By opting out, these parents are taking a free-ride on the back of more vulnerable kids in our society. The way that herd immunity works means we need to reserve that small number of non-immunised spaces for those with the greatest need. So while the 3-6% of decliners is small (and it has not grown recently despite being vocal in media and on immunisation blogs like this), we cannot be complacent and we should work hard to reduce it. These parents need to understand that immunisation doesn’t just protect their own kids, it also protects the most vulnerable.

Other kids are missing out

Immunisation rates are still lower for the most deprived parts of our society. Slightly less than 70% of our most deprived children are fully immunised at 6 months compared to 80% of the least deprived children. This gap remains at 6 months, but by 2 years is closing up.


Figure 1. Immunisation Coverage in NZ for all 6 month old babies by Deprivation (Level of Wealth in a Community).

Kids whose parents identify them as being Maori have a full immunisation rate of just over 65% at 6 months, this is compared with a 90% rate in kids whose parents identify them as Asian.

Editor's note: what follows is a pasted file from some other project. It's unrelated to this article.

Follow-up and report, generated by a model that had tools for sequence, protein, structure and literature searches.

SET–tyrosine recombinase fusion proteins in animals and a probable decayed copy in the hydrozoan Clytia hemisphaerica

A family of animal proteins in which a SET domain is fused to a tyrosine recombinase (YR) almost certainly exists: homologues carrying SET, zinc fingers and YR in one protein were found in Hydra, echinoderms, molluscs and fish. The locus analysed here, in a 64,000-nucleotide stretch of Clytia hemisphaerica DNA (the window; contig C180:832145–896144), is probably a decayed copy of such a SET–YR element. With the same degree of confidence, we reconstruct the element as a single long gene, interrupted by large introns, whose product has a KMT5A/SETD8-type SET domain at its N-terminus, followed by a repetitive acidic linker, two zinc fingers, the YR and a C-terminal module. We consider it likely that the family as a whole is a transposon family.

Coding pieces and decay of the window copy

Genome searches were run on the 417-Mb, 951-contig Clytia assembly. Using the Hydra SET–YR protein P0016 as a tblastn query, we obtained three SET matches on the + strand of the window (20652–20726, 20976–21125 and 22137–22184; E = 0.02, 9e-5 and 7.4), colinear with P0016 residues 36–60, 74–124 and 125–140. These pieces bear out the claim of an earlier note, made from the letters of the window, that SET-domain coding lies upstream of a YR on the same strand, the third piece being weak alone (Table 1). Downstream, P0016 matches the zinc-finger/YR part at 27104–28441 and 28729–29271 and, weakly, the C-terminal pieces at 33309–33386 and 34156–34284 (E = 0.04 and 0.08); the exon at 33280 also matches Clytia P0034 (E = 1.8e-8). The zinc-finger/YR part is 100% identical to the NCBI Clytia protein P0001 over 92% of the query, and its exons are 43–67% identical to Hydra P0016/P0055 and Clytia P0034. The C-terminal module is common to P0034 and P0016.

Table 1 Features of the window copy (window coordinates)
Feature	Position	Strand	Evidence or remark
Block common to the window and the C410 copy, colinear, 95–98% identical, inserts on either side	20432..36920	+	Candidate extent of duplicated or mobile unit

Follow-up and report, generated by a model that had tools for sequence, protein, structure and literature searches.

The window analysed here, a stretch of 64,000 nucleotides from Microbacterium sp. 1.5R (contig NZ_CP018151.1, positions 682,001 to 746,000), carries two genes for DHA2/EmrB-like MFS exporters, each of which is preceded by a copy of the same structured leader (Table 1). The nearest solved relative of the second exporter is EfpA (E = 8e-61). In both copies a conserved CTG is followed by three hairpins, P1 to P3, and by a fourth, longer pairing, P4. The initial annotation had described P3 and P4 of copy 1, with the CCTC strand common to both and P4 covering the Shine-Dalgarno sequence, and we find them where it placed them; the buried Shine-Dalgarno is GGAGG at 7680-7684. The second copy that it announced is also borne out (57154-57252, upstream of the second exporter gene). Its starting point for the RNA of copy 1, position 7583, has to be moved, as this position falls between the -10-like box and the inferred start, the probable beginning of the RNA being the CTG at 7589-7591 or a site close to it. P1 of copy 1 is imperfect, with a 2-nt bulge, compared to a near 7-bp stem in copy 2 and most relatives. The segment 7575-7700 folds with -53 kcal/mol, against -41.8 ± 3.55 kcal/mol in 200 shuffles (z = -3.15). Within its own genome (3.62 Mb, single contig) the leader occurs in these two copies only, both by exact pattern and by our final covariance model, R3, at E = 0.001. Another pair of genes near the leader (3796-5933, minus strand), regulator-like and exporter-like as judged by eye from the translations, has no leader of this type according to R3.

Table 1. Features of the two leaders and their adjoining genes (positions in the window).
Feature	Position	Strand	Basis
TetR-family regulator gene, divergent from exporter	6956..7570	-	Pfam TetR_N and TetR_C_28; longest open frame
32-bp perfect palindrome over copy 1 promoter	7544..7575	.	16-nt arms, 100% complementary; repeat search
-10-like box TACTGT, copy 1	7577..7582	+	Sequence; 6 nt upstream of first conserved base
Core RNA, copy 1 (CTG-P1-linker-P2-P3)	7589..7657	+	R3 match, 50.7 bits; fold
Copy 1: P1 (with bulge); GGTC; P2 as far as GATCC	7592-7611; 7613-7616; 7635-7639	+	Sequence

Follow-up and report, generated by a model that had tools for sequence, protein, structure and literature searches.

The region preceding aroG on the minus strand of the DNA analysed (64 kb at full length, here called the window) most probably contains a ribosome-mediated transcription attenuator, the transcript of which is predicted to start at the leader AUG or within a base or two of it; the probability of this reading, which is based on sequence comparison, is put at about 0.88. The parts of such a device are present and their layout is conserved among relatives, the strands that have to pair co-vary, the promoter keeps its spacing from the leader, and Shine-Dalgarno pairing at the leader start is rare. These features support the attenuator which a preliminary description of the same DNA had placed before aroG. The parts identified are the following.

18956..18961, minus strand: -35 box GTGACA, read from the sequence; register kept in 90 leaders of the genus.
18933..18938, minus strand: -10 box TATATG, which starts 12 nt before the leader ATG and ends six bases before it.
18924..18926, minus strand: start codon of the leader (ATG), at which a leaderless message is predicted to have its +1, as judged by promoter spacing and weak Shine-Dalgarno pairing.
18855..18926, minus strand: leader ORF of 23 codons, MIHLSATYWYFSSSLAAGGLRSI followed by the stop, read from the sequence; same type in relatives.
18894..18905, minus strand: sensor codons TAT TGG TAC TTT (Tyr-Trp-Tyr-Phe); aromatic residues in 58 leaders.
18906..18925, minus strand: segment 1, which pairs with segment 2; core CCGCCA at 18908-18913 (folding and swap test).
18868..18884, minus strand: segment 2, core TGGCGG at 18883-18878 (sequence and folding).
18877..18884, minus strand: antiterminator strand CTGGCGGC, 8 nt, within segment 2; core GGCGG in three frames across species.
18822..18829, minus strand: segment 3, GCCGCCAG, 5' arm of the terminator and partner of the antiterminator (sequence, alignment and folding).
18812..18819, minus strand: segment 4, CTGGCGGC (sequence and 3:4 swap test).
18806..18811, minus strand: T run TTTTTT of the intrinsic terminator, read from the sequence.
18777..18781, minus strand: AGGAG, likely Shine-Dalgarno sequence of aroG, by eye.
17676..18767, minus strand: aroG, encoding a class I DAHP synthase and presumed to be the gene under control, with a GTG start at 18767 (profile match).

So the children of parents who are poorer, Maori and are younger tend not to be immunised at the same rate as their peers. There is work to do, especially because these are the kids that already have a lot to cope with. These are children living in overcrowded and poor quality housing, experiencing a lot of environmental & physical stressors, like dampness and mould in their rooms, some who have weakened immune systems. These kids are through no fault of their own at greater risk of experiencing ill-health. While there are a number of social, environmental and financial interventions that can address many of health impacts of these circumstances (many of which we are looking into now), a universal immunisation programme is one really effective, cheap (relatively speaking) and fair way of reducing the risk these kids face.

The problem is, that until we reach herd immunity rates it is these non-immunised kids, and the kids who are immune compromised, who are at the sharp end of the stick during any outbreak of disease. When we say immune compromised we mean kids with cancer who are having chemotherapy, kids born with conditions like cystic fibrosis, which make their immune systems more vulnerable to disease, and babies who are too young to be vaccinated.

Do these kids have bad parents?

It is easy to judge other parents as negligent because they don’t take their kids to the doctor or get them vaccinated. But studies have shown there are a bunch of reasons vulnerable kids miss out on vaccinations in New Zealand (and all over the world). This list unsurprisingly includes a whole range of things from how we deliver health care through to individual knowledge. They include: